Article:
Feature: Of Concrete Gods Give Us A Track By Track Of New EP Out Today

The EP has been a bit of a labour of love over the last few years. Technically we started recording it at the beginning of 2020, but the process was halted by a couple of factors. Firstly Covid got in everyone’s way, not just ours. But in the middle of Covid our drummer Paul was rushed into hospital with what turned out to be a form of Leukaemia.

This meant that once restrictions were lifted from Covid, we found ourselves without a drummer as he had more than a year’s worth of treatment ahead of him. We didn’t want to put someone else in his seat so we wrote, recorded, and released an acoustic EP “Our Trauma is not a Competition” which was released last summer.

Paul came back to us full time last year, once that EP had been released, and we started to work on the remainder of “HurtPeopleHurtPeople”

Recording was finished over February of 2023, and the shape of the EP had changed somewhat since we started recording in 2020 – making the acoustic album had moved our headspace away from being particularly heavy, and we’d leaned more into melody and harmonies. So some of the newer songs really reflect that.

The final EP contains two songs from those original 2020 sessions, and three songs that have been written in the interim. It also serves thematically as a prequel to the Trauma EP- – where Trauma was the story of a man digging himself out of the aftermath of rock bottom, Hurt is the story of how he ended up there.

Track by Track

Her Embrace is a track about co-dependency and depression, and how illogical these things can sometimes be. The main song is driven by a rant, trying to find ways for the things that are wrong to be the fault of an external source. It’s very much “this is not my fault, it must be yours” but then there is a key change after the solo that flips the mood to “please don’t leave me.” This inconsistency is a key part of the journey of depression and where it can lead you to, and sets the tone for the EP

Good Samaritan is arguably the heaviest track on the album, and by far the shortest. It is a quick slap to the face intended to highlight an aspect of human nature. Every person believes that they are the protagonist in their own story. People don’t do bad things because they are bad people, for the most part, they believe themselves to be good people who have been forced into a bad decision that they are not responsible for. Everyone believes themselves to be a Good Samaritan, but in reality, we should not write off the bad things we have done, we should hold ourselves accountable for them. We need to stop lying to ourselves

Chasing Clichés is a track about the wait for “The One” to show up and sweep us off our feet. This Disneyfication of love and friendship forces us into holding people to impossible standards, and frequently being disappointed in people when we should instead be thankful to have them in our lives. It is also often the case that we hold everyone else to a higher standard than we hold ourselves and as much as we try to change that, when tomorrow comes we all make the same mistakes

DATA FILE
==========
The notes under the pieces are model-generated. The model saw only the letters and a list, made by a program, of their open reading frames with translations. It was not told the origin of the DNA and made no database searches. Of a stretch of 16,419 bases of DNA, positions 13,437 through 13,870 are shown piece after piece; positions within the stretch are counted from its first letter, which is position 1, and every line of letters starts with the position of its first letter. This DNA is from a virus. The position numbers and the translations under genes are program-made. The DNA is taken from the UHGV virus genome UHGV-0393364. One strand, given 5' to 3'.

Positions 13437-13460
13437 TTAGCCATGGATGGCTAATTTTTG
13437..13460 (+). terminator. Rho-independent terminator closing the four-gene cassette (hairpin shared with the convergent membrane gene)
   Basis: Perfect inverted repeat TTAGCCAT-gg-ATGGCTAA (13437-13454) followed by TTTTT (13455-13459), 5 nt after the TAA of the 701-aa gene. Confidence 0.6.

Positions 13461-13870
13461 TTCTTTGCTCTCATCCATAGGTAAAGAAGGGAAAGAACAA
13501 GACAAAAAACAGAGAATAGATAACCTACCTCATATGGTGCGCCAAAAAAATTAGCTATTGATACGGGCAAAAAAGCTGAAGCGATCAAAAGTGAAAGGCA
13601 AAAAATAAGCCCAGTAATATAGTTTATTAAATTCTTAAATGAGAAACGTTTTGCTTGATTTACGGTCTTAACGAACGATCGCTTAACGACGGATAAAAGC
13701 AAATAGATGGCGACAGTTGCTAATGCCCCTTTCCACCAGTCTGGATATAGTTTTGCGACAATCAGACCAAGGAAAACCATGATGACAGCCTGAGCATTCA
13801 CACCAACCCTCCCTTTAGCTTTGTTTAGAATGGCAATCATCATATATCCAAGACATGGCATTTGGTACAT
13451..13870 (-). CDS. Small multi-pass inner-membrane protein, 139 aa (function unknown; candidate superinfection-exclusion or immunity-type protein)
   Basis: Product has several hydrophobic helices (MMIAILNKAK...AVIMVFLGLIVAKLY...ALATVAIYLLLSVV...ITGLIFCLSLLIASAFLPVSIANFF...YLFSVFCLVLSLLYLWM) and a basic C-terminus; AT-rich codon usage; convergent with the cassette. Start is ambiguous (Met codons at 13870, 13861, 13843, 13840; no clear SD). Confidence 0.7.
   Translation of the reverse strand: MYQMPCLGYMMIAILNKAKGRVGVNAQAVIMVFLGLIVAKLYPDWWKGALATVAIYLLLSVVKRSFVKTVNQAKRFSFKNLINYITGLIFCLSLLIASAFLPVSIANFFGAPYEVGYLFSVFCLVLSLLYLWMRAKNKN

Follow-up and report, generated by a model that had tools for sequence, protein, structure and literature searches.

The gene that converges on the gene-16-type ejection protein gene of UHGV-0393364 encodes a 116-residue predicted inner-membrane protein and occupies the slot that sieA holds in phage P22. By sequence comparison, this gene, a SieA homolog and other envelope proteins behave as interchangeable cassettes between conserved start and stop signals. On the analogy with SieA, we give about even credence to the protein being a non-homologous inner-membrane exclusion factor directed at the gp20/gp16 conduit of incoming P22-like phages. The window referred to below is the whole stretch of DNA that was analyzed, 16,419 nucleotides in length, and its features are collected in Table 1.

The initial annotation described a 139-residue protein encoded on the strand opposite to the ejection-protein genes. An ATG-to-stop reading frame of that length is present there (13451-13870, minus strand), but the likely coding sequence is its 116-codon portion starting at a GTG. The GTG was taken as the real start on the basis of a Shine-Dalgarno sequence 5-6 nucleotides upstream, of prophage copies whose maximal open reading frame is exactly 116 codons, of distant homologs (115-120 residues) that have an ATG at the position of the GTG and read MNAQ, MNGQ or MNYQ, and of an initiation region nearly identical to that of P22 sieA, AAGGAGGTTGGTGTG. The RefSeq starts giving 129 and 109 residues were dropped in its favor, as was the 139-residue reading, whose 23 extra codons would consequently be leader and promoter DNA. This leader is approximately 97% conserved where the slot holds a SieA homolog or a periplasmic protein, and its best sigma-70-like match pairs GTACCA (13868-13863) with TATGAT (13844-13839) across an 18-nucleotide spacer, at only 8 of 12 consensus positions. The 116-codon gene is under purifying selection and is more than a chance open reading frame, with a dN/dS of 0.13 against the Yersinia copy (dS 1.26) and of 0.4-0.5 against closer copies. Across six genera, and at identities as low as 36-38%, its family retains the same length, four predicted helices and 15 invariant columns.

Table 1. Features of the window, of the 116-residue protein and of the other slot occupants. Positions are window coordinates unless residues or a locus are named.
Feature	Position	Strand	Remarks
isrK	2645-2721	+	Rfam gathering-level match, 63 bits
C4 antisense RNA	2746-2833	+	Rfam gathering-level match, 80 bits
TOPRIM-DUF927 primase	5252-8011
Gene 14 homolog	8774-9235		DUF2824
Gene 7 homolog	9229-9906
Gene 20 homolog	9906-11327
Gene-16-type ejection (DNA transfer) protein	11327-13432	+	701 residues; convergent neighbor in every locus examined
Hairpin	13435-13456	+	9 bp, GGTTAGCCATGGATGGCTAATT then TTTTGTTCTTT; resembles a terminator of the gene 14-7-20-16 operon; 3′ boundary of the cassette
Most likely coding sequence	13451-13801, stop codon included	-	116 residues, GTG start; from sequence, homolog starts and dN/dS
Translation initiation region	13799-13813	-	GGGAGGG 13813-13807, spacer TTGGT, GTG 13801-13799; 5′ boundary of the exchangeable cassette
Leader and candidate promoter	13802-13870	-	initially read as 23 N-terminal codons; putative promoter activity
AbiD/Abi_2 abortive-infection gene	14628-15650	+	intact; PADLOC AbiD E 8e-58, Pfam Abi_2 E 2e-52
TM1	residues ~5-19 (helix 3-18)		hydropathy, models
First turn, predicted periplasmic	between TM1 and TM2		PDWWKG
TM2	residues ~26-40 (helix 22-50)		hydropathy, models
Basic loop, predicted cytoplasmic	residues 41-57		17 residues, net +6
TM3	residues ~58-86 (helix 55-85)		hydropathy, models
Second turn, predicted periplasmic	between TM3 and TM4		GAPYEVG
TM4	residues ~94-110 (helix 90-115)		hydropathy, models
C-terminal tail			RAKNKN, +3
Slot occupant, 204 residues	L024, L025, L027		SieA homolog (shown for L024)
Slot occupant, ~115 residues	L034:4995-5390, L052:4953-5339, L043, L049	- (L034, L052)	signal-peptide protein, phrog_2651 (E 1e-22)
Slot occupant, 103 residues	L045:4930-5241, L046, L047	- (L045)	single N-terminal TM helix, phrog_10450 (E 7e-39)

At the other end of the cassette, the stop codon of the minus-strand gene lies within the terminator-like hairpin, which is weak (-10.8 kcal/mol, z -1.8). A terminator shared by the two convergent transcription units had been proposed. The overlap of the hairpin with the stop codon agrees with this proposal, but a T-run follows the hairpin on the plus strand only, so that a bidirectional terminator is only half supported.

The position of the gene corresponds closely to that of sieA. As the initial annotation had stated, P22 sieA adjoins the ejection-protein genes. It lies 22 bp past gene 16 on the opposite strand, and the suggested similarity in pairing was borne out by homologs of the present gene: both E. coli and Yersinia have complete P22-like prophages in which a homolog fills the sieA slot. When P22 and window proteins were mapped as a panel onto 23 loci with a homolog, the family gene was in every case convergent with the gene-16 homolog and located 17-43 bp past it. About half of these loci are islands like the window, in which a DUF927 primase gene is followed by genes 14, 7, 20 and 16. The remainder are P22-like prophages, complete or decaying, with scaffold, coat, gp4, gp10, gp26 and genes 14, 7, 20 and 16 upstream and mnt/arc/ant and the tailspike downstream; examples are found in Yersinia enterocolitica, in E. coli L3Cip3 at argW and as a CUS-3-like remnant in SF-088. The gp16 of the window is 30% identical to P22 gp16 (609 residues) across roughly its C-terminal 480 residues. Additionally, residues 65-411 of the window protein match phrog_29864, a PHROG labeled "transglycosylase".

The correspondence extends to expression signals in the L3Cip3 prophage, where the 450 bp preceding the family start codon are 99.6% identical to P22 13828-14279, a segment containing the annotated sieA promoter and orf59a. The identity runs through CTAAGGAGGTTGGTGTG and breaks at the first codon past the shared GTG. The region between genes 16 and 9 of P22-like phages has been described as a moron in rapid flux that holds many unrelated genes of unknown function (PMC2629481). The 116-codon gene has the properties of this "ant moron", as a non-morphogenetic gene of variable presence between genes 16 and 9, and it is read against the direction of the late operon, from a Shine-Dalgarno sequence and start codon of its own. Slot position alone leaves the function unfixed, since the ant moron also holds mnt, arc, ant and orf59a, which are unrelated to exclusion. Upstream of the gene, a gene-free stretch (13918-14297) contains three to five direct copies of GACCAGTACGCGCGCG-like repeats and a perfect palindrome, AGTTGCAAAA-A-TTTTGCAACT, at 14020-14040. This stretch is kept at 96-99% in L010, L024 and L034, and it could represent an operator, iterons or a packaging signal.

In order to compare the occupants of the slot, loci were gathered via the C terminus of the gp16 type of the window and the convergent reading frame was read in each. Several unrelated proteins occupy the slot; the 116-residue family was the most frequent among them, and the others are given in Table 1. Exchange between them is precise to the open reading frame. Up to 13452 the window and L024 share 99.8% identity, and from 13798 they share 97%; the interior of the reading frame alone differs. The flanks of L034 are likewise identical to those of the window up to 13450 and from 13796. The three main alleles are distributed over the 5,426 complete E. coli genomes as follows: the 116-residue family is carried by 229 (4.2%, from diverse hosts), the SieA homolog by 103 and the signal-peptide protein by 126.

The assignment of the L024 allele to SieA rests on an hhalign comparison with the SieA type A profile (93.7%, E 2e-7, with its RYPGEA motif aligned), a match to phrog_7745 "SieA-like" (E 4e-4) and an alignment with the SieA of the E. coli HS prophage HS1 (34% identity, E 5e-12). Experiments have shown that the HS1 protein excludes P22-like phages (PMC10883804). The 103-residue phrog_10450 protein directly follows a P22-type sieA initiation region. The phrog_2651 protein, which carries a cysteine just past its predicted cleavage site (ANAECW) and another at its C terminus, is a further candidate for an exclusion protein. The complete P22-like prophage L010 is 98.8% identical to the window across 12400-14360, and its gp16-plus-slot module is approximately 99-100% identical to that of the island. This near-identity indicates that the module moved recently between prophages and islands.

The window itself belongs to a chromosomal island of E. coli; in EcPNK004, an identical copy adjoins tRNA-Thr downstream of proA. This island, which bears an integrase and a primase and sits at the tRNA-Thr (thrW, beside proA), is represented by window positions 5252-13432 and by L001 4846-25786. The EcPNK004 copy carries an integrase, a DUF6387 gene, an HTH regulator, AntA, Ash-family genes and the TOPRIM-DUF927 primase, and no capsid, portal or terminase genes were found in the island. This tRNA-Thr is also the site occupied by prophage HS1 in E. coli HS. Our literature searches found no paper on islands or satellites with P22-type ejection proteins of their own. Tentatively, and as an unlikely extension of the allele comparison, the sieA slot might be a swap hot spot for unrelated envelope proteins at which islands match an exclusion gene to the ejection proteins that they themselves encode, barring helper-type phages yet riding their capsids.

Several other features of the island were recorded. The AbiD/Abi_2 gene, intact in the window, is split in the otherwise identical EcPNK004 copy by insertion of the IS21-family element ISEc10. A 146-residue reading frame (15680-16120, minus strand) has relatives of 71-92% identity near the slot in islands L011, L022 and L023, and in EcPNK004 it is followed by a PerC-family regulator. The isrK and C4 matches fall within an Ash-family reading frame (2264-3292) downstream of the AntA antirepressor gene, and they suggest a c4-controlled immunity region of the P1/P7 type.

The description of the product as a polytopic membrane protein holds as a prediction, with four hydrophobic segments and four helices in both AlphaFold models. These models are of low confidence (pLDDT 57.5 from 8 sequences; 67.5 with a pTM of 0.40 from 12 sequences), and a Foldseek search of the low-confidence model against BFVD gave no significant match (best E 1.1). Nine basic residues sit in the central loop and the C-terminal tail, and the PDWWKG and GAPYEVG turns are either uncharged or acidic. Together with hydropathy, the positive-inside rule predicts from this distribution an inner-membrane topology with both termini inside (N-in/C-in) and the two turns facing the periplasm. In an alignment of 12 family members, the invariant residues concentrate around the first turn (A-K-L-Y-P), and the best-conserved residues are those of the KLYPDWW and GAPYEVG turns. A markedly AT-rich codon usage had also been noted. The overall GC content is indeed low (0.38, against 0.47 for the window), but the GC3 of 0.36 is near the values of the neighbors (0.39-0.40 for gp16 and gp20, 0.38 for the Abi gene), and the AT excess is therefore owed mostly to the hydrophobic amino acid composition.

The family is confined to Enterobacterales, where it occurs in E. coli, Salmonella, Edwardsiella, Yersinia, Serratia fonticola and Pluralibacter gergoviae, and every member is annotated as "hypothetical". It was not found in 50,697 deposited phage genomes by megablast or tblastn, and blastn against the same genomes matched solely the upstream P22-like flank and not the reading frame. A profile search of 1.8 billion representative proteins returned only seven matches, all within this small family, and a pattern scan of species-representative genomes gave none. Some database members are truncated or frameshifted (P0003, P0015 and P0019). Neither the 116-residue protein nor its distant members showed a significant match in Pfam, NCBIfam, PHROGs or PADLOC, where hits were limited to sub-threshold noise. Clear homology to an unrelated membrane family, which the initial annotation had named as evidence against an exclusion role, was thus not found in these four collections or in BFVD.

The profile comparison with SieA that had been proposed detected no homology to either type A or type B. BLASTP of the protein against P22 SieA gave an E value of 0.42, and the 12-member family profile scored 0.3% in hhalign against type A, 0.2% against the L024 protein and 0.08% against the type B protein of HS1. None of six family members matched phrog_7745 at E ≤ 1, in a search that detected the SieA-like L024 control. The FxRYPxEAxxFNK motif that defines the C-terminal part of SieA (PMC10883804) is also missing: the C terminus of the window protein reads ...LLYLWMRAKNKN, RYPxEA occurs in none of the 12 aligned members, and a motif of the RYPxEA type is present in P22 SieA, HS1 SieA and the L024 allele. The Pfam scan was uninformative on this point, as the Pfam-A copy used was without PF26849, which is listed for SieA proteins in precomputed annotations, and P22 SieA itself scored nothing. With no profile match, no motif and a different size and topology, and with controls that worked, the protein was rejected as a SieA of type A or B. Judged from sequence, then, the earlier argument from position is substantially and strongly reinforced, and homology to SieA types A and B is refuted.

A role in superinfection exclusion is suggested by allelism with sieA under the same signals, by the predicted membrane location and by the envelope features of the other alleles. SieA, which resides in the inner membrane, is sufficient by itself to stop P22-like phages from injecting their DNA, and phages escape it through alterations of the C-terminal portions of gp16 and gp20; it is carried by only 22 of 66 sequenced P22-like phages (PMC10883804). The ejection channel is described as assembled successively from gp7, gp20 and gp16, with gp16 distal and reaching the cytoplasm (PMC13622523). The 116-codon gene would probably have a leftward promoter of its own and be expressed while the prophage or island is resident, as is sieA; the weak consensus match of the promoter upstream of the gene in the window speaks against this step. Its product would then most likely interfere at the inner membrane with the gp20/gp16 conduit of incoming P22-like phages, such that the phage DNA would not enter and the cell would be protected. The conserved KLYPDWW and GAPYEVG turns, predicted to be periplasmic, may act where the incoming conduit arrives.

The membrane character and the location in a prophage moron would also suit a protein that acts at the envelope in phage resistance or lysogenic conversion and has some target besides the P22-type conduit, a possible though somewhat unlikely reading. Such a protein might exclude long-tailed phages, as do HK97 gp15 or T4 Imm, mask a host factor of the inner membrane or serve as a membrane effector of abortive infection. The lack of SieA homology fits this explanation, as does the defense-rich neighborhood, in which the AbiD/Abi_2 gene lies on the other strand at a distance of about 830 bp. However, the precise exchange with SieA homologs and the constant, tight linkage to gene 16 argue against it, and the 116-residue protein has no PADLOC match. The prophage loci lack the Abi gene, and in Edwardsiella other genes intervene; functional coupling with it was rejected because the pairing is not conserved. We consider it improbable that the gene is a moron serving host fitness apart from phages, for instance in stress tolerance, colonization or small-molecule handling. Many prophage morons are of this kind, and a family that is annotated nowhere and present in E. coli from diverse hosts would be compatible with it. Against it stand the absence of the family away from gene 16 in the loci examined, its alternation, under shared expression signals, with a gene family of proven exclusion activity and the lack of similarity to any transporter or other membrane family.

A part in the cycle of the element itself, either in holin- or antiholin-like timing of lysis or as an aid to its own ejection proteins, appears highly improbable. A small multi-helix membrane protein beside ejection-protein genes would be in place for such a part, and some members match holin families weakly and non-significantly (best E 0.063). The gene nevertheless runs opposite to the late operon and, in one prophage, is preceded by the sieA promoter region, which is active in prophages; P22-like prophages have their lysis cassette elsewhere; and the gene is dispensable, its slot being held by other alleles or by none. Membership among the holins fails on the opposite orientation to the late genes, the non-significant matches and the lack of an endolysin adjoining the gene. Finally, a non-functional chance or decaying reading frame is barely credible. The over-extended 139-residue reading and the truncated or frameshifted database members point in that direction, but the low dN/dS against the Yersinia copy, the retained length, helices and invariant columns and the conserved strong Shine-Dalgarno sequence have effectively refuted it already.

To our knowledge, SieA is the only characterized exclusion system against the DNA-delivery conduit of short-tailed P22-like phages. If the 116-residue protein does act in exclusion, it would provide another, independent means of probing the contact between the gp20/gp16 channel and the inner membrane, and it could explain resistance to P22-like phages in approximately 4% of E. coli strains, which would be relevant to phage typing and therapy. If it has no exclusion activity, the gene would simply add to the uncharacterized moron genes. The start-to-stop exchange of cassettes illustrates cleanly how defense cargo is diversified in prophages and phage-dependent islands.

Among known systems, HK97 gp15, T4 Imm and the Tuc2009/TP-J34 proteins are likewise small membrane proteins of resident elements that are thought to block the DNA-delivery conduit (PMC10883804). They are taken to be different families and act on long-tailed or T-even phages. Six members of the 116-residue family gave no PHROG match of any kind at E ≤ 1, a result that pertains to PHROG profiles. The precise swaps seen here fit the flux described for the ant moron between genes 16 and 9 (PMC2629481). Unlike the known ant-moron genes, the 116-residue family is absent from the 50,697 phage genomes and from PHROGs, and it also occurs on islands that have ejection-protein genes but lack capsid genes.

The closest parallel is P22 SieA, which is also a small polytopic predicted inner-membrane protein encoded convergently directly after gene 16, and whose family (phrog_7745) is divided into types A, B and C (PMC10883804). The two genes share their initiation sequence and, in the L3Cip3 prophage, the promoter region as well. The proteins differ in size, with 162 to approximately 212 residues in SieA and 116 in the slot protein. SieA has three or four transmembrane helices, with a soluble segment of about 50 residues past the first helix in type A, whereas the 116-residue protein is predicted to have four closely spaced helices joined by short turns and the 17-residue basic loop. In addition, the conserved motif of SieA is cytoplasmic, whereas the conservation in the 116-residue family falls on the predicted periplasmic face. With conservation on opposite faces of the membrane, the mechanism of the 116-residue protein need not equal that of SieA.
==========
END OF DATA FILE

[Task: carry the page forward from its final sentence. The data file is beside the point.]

Death of the Fool is the dark centre of the EP, there is no other way to describe the track than as a suicide note signifying the arrival of rock bottom. It is the thoughts of a man who has realised that he is at the root of his problems, these things are not the fault of other people. He wraps up all his hopes and dreams and sews them inside of himself, so that he can carry them into a new world, one where he can hopefully be less prideful

Obsidian is a song in three parts, ultimately acting as a bridge between the fall of Hurt and the rise of Trauma. Our character finds himself in conversation with the mirror, at first sad, but then angry. He knows that he has had to kill off the old version of himself, but he acknowledges that there are parts of him he cannot change. He has to accept the paradox of things he feels he can’t do but knows that he will do, and the knowledge that it will burn everything down to do so. The track ends with a solo that allows him a few moments of reflection, before starting the climb back up into society

We’ve been incredibly lucky to be able to record all of our songs so far with the same Producer. Tim Kramer at Signal House Studios has become the proverbial sixth member of the band, and we likely would not have been able to meet the vision of this EP (both EPs to be fair) without his hard work and input. We’re really looking forward to hearing from listeners who take the journey with us.

Check out the bands track Her Embrace, below:

Purchase the EP here

Find out more via the bands Facebook

Read our interview with the band here

Previous EP Review: Dutch Criminal Record - Apathy Mixtape EP
Next Track: The Alchemy - Sun Bleached

No Comment

Leave a Reply

This site uses Akismet to reduce spam. Learn how your comment data is processed.